If your company’s employees are working overtime to help you achieve a profitable bottom line, you’re in a…
Restoring Balance in Alberta’s Workplaces Act, 2020
On July 7, 2020, The Government of Alberta passed Restoring balance in Alberta’s Workplaces Act, 2020 which amends various provisions under the Employment Standards Code and Labour Relations Code of Alberta. Bill 32 (Act) will support economic recovery, restore balance in the workplace, and get Albertans back to work. The proposed changes shall take effect on November 1, 2020. Key amendments brought through the Bill are:
Hours of Work – Averaging Arrangements
“Averaging agreements” have now been replaced with “Averaging Arrangements” under the Employment Standards Code. Employers will now be able to bring changes to the averaging arrangement by providing two weeks’ notice to employees. The averaging period will be increased from 12 weeks to 52 weeks and employers will no longer be required to attain the employee’s consent before amending the arrangement. The averaging arrangements are also not required to have an end date.
The Bill proposes flexibility in the calculation of overtime and cases where daily overtime is applicable. Overtime is calculated on the greater of weekly or daily overtime hours when daily overtime is included. Averaging period overtime must be paid to the employee no later than 10 days after the pay period that the averaging period ends, which may be as long as 52 weeks, as determined by the employers.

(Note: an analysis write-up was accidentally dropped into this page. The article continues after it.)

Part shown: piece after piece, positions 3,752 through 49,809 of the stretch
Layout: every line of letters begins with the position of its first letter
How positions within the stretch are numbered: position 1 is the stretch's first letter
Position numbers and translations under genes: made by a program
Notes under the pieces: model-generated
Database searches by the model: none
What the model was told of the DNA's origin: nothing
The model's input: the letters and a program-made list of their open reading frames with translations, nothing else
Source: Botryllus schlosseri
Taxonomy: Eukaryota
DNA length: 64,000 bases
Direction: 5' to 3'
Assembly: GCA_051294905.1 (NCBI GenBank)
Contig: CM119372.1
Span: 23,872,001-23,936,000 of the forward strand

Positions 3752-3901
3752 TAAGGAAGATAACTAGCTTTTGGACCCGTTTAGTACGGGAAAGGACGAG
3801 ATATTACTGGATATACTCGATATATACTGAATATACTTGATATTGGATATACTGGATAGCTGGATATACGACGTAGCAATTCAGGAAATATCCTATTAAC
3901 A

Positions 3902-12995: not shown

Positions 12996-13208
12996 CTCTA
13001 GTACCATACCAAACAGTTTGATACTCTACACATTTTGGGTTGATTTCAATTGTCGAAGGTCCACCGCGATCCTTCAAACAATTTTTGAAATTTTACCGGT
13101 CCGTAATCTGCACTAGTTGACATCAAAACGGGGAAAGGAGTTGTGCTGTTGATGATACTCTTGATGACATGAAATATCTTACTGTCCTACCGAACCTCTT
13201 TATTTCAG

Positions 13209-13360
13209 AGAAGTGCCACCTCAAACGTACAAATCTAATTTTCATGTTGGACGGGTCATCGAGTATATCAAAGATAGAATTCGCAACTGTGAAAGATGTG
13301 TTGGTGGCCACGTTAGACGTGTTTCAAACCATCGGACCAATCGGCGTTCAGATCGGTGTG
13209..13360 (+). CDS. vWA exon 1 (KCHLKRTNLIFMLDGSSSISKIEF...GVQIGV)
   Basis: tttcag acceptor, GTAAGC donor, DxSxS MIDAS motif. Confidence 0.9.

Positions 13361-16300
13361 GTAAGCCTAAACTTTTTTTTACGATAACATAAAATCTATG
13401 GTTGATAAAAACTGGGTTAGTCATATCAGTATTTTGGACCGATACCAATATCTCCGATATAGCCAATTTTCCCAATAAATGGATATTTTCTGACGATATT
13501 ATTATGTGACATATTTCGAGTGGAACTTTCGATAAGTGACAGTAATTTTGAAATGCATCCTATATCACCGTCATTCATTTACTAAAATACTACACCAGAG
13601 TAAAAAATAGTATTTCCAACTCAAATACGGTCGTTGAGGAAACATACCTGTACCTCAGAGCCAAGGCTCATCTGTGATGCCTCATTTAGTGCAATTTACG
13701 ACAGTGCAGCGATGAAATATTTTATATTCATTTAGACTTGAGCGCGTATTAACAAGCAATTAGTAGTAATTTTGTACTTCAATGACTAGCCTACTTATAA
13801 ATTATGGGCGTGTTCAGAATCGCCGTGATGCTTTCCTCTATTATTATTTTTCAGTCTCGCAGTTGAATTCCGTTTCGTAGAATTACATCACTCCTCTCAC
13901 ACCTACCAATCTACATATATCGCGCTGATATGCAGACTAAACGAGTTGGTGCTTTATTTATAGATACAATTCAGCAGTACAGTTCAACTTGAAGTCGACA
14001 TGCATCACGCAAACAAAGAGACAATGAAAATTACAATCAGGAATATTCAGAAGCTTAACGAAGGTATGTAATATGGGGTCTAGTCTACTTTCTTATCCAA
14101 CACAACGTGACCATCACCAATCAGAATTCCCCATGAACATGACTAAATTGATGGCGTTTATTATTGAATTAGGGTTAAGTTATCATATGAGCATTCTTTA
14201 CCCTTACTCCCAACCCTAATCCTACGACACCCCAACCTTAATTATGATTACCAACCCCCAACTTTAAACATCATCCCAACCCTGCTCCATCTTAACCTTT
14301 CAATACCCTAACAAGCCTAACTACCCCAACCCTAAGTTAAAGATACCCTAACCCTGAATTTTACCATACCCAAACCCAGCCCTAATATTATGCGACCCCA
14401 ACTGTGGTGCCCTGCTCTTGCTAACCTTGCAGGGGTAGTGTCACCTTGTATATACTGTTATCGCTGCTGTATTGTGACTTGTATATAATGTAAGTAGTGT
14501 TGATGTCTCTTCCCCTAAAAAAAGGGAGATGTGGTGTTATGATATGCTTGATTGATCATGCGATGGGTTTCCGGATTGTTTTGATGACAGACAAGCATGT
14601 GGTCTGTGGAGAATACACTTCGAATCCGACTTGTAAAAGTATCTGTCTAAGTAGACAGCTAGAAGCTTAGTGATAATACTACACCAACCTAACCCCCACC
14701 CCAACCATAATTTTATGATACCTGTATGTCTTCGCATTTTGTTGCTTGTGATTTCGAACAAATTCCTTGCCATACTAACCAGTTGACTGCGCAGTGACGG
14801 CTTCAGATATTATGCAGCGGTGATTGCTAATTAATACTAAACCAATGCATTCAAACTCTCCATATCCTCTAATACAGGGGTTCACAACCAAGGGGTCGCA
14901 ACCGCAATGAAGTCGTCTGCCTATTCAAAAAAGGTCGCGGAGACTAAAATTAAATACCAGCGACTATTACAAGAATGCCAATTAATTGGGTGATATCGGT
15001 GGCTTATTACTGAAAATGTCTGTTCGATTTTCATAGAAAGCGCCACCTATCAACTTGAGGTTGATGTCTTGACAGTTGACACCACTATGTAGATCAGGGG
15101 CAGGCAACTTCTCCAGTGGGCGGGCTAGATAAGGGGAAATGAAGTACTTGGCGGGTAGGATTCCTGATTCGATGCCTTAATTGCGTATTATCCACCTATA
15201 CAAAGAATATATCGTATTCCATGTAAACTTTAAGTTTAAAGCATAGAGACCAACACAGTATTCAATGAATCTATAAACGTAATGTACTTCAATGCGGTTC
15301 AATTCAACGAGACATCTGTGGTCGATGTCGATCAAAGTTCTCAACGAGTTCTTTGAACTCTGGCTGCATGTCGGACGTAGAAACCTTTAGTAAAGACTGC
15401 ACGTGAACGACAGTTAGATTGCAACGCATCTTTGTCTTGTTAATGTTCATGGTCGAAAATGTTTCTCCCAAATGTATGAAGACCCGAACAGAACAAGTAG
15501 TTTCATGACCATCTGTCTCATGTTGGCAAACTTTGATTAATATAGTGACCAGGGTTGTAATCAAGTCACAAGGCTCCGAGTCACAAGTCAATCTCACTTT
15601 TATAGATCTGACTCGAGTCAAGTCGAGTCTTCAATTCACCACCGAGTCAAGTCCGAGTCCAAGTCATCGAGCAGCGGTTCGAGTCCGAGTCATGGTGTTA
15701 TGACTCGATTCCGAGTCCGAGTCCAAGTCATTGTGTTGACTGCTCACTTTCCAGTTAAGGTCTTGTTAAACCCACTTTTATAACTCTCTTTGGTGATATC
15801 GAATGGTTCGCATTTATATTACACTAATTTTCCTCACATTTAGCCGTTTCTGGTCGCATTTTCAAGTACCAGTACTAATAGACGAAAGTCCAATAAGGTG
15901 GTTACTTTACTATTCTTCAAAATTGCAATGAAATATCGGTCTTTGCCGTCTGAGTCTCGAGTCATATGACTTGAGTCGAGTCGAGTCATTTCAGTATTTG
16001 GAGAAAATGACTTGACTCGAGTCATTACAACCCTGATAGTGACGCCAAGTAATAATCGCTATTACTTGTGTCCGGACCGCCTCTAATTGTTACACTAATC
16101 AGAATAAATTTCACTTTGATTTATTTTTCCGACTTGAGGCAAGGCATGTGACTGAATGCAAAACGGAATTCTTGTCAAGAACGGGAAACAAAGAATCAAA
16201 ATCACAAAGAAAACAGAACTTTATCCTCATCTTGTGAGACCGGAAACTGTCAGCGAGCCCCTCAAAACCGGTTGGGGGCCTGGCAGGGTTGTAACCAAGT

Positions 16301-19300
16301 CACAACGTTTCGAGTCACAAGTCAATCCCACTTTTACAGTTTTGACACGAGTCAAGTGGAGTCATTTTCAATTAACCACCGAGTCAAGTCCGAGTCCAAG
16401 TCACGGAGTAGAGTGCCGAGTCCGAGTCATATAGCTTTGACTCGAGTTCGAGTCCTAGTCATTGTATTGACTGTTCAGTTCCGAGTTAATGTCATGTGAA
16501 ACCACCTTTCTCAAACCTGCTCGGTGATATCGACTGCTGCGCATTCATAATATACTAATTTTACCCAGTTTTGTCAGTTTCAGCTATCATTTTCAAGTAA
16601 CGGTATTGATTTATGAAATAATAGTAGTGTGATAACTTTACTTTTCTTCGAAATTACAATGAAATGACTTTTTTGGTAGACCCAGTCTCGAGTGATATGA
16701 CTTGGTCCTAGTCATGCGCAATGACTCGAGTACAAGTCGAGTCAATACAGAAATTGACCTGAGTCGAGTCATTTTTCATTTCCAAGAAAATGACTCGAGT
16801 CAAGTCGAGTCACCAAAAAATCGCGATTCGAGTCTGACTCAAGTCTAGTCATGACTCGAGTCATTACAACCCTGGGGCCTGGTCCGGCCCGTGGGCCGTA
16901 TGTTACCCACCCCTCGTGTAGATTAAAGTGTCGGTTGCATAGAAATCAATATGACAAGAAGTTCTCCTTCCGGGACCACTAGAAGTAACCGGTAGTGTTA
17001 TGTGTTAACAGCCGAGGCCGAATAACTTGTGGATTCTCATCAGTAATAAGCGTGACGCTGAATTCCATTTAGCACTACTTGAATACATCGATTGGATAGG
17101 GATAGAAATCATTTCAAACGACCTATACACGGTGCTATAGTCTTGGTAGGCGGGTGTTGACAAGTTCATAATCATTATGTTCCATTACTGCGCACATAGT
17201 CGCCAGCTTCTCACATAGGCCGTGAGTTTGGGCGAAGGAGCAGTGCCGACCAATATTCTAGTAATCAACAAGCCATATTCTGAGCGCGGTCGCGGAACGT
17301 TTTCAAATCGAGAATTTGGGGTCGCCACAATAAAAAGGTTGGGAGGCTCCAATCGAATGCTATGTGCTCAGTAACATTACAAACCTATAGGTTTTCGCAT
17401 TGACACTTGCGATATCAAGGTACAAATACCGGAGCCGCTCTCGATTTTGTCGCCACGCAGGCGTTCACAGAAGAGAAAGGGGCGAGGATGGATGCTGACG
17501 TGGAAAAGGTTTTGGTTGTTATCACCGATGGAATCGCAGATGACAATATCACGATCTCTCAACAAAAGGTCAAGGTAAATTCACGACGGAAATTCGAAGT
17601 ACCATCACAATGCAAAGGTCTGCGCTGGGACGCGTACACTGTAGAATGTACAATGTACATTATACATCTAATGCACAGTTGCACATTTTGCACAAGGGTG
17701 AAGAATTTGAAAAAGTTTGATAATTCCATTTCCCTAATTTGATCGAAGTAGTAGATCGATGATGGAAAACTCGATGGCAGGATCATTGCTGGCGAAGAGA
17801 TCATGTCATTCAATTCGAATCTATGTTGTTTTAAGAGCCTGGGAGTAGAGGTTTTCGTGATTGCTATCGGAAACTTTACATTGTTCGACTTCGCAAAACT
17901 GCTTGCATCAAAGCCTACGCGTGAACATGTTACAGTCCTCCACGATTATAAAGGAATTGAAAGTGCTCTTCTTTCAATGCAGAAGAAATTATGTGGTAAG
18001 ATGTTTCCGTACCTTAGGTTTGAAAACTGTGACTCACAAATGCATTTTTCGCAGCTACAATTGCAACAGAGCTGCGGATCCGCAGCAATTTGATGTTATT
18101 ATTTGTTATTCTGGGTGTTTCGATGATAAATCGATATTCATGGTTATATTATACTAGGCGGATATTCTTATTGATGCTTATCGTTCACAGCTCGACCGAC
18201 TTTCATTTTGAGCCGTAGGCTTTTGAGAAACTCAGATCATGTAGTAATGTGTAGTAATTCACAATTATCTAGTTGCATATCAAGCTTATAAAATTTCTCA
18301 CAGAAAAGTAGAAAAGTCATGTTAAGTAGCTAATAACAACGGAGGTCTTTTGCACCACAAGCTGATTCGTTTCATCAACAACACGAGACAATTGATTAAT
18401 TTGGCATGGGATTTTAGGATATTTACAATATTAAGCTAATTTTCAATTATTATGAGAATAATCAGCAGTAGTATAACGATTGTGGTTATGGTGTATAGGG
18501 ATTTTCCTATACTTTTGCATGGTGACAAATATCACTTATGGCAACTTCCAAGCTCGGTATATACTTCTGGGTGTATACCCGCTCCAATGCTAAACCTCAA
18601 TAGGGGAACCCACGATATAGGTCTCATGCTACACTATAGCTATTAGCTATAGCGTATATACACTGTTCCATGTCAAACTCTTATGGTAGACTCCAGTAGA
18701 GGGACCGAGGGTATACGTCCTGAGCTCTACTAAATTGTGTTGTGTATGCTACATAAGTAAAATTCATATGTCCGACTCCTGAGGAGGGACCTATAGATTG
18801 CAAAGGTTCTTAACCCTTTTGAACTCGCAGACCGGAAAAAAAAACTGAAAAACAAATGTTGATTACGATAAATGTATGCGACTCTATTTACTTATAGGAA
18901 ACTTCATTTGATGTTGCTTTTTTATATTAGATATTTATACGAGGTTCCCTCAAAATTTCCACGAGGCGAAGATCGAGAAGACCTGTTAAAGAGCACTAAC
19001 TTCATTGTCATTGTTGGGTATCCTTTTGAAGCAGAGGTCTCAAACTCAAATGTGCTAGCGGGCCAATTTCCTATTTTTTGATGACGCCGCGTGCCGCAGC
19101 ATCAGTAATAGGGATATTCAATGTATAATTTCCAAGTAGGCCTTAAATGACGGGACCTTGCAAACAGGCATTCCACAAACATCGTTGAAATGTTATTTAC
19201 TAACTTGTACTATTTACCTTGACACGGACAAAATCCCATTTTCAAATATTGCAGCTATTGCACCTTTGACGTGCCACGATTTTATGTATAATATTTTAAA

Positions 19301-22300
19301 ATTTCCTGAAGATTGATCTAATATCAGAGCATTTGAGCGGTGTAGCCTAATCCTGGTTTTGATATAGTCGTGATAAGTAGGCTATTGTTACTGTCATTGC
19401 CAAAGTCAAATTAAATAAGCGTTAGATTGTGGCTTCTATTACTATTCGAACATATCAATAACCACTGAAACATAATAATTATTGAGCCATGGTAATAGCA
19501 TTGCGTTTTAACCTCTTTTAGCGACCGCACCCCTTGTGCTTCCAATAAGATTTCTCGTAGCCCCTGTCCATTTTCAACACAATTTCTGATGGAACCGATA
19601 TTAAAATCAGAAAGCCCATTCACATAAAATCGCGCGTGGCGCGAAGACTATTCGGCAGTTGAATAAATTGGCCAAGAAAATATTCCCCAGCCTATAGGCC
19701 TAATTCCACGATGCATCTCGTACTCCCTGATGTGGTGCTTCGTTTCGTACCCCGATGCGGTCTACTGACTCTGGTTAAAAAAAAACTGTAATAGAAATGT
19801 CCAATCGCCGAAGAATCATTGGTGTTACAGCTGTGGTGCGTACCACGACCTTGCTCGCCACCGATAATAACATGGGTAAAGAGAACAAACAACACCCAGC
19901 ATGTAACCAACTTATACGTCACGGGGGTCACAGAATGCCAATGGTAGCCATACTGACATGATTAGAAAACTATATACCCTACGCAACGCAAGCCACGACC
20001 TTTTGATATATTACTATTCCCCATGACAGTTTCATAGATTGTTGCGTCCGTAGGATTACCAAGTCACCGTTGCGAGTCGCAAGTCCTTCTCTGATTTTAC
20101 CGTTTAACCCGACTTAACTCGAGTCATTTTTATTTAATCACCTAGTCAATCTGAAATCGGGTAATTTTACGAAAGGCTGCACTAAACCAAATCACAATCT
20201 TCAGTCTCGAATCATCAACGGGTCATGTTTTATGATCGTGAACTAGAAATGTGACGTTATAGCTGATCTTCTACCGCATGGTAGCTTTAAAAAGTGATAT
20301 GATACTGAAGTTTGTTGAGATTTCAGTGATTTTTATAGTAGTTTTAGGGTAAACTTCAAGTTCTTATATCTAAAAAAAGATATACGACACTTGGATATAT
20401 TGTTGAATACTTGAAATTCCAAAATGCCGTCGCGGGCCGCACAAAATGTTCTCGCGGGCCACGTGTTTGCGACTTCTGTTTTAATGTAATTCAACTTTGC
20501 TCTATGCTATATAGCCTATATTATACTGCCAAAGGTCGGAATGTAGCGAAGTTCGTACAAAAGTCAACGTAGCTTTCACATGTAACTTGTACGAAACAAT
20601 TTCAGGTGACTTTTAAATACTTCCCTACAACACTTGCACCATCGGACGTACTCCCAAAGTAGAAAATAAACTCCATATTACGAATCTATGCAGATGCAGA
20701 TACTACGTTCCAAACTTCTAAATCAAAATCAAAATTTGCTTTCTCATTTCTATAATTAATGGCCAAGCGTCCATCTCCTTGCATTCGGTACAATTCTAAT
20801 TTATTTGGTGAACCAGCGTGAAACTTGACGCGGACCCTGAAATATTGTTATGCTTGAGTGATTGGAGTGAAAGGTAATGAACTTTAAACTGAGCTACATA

Currently, employees are eligible for at least 30 minutes paid or unpaid break within every 5 consecutive hours of work.
Bill 32 proposes to provide meal break either within or immediately following the first 5 hours of a shift. Another addition will be to provide a second rest period if the employee is working a 10 hour or longer shift. Employers and employees can also enter into an agreement to break 30 minutes break into two 15 minutes break periods.
General Holiday Pay – Average Daily Wage (ADW)
Currently, Average daily wage means 5% of an employee’s wages vacation pay and general holiday pay earned in the 4 weeks immediately preceding a general holiday.
Under the proposed amendment to the Code, employers can calculate “Average Daily Wage” as the total wages averaged over the number of days worked in the 4 weeks before a general holiday or the 4 weeks ending on the last day of the pay period immediately before the general holiday. Vacation pay and general holiday pay will no longer be part of the ADW calculation.
Vacation Time Accumulation
For greater certainty it has been provided in the Bill, the time period during which an employee was on some other job-protected leave shall also be taken into consideration when calculating employee’s year of employment for the purpose of annual vacation entitlement.
Bill 32 proposes changes under which the employers and employees will be provided more flexibility in terms of setting up work schedules beyond standard working hours of work, a notice of work times, days of rest, breaks, and overtime hours.